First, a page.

At the heart of their opposition is concern that the $9 billion deal will create another behemoth bank whose failure could cripple the financial system. Under Dodd-Frank, the Fed, which has to clear the merger, must consider the risk of the union to the stability of the financial system.
The agency has yet to define what constitutes a systemically risky merger, making its decision on Capital One all the more important as it may set the tone for future deals.
Industry watchers expected the Fed to fast track the acquisition because McLean-based Capital One had largely steered clear of mortgage-backed securities investments, derivatives trading and haphazard loan underwriting that kneecapped other firms.
Capital One does stand to expand its dominance of the revolving-credit market, if it uses the injection of deposits to back more credit cards and other consumer loans.
On the other hand, the size of the merged banks, some say, would be like placing a sapling next to redwoods. Rolling up ING Direct would give Capital One a combined $206 billion in deposits, a total that would still be a distant fifth from the next largest bank, Wells Fargo, with $853.6 billion in deposits.
“I thought this was going to be a slam dunk,” said David A. Walker, a banking professor in Georgetown University’s McDonough School of Business. “The pressure from Dodd-Frank and the too-big-to-fail concern ... seems to be weighing on the Fed.”
Officials at the Federal Reserve Board would only say the decision to extend the review was to give consumers more say. That in itself may represent a shift from recent practice. Adam Drimer, assistant vice president of the Federal Reserve of Richmond, said in an interview last month that the agency rarely hosts public meetings on such matters these days, unless prompted.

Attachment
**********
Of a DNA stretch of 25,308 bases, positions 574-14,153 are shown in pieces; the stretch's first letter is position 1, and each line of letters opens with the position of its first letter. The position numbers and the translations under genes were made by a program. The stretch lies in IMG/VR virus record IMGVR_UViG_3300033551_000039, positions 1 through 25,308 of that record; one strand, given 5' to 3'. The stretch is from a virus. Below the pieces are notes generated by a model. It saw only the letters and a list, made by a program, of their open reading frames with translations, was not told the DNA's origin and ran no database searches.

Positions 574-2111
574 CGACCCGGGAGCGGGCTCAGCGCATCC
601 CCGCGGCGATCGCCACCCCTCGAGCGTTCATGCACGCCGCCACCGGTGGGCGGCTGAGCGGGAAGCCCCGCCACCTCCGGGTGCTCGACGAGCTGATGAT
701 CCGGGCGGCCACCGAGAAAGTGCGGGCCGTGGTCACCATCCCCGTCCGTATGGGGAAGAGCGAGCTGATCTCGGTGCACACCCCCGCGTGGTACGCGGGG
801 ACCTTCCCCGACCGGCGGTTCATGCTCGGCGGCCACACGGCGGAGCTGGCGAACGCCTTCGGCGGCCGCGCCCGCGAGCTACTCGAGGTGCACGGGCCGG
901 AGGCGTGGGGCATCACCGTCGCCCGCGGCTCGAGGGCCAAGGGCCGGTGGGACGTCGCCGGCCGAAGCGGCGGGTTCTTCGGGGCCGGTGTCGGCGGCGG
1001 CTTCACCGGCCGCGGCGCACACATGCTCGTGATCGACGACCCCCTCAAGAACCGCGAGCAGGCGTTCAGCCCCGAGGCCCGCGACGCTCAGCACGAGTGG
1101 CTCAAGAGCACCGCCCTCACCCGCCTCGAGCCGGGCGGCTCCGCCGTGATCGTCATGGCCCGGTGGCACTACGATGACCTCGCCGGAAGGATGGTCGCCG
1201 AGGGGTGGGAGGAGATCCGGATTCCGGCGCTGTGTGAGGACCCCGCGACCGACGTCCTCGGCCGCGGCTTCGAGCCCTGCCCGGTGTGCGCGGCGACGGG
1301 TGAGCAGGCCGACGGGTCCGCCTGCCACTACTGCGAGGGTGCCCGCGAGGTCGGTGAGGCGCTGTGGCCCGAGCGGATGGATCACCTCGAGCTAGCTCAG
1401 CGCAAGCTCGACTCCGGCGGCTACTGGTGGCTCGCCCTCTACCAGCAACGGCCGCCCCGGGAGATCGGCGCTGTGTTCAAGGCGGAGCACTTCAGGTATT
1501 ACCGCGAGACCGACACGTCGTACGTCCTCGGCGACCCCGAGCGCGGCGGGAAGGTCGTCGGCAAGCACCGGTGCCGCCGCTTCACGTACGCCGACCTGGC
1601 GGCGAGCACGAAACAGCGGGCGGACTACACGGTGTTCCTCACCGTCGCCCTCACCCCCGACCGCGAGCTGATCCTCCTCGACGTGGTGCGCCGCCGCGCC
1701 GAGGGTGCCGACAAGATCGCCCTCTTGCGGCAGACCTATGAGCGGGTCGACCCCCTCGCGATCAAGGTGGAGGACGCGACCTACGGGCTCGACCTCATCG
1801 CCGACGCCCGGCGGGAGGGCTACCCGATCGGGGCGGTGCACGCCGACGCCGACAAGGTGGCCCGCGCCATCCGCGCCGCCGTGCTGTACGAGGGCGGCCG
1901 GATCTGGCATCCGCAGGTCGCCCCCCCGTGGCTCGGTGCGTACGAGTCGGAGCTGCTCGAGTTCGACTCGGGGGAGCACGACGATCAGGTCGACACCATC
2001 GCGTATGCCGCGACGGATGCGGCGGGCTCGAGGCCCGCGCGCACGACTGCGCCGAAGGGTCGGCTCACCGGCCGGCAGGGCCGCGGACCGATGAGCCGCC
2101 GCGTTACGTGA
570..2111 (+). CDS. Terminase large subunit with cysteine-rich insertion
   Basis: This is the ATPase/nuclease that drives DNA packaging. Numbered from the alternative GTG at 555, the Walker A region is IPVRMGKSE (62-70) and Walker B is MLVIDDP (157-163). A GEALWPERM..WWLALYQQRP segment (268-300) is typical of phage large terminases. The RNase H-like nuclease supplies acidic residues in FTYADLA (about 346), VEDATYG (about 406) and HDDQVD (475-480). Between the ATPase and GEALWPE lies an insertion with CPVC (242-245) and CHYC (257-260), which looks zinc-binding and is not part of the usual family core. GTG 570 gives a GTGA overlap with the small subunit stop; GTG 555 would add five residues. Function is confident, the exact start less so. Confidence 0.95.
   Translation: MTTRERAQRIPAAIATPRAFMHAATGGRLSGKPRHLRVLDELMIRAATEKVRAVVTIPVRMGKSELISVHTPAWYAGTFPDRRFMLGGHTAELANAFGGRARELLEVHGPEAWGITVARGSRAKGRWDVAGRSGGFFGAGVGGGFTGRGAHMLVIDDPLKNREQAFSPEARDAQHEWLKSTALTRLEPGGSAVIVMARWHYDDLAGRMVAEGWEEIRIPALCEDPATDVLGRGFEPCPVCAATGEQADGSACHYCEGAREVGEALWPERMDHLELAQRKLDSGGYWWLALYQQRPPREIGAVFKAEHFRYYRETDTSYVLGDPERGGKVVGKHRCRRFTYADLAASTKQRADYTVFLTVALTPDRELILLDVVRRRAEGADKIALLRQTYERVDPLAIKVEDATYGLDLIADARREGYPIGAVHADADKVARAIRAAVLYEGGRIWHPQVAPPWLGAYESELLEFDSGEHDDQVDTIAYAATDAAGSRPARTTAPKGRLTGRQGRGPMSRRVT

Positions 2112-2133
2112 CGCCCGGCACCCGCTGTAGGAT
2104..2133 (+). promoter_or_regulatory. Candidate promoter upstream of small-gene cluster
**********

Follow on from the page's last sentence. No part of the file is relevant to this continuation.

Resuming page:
Prior to the shotgun mergers of 2008, following the bankruptcy of Lehman Bros., the Fed frequently held hearings on proposed mergers, such as Citigroup and Travelers in 1998 or Chemical Bank and Chase Manhattan in 1995. Which leads analyst Jaret Seiberg of MF Global to believe the Capital One review is a return to normal.
“This is a very positive message to the industry because this means the Fed is going back to treating large bank mergers in a normal fashion; we’re no longer in crisis mode,” Walker said. “At the end of the day, you’d be hard pressed to argue that any of the hearings in the past have had any impact on the Fed’s consideration.”
The greatest impact of the meetings, he continued, may be for community activists. Banks, to avoid negative publicity, have historically made new community reinvestment agreements with activists.
In Capital One’s case, community interest groups led by the National Community Reinvestment Coalition are accusing it of discriminating against low- to moderate-income mortgage applicants.
NCRC said the bank has failed to extend Federal Housing Administration-insured loans to people with credit scores of 580, though it is permitted by the agency. The organization also said Capital One has reduced its FHA loans to the detriment of minority borrowers, who frequently turn to that market. Activists say these issues will be exacerbated if the bank grows larger.
Capital One has already agreed to adhere to the FHA credit score requirements by 2012.
“Our strong record of investing in low- to moderate-income communities is a matter of public record,” said Capital One spokeswoman Tatiana Stead, in an e-mail statement. “In every prior merger, we substantially increased community development lending and investments beyond that of the banks we acquired.”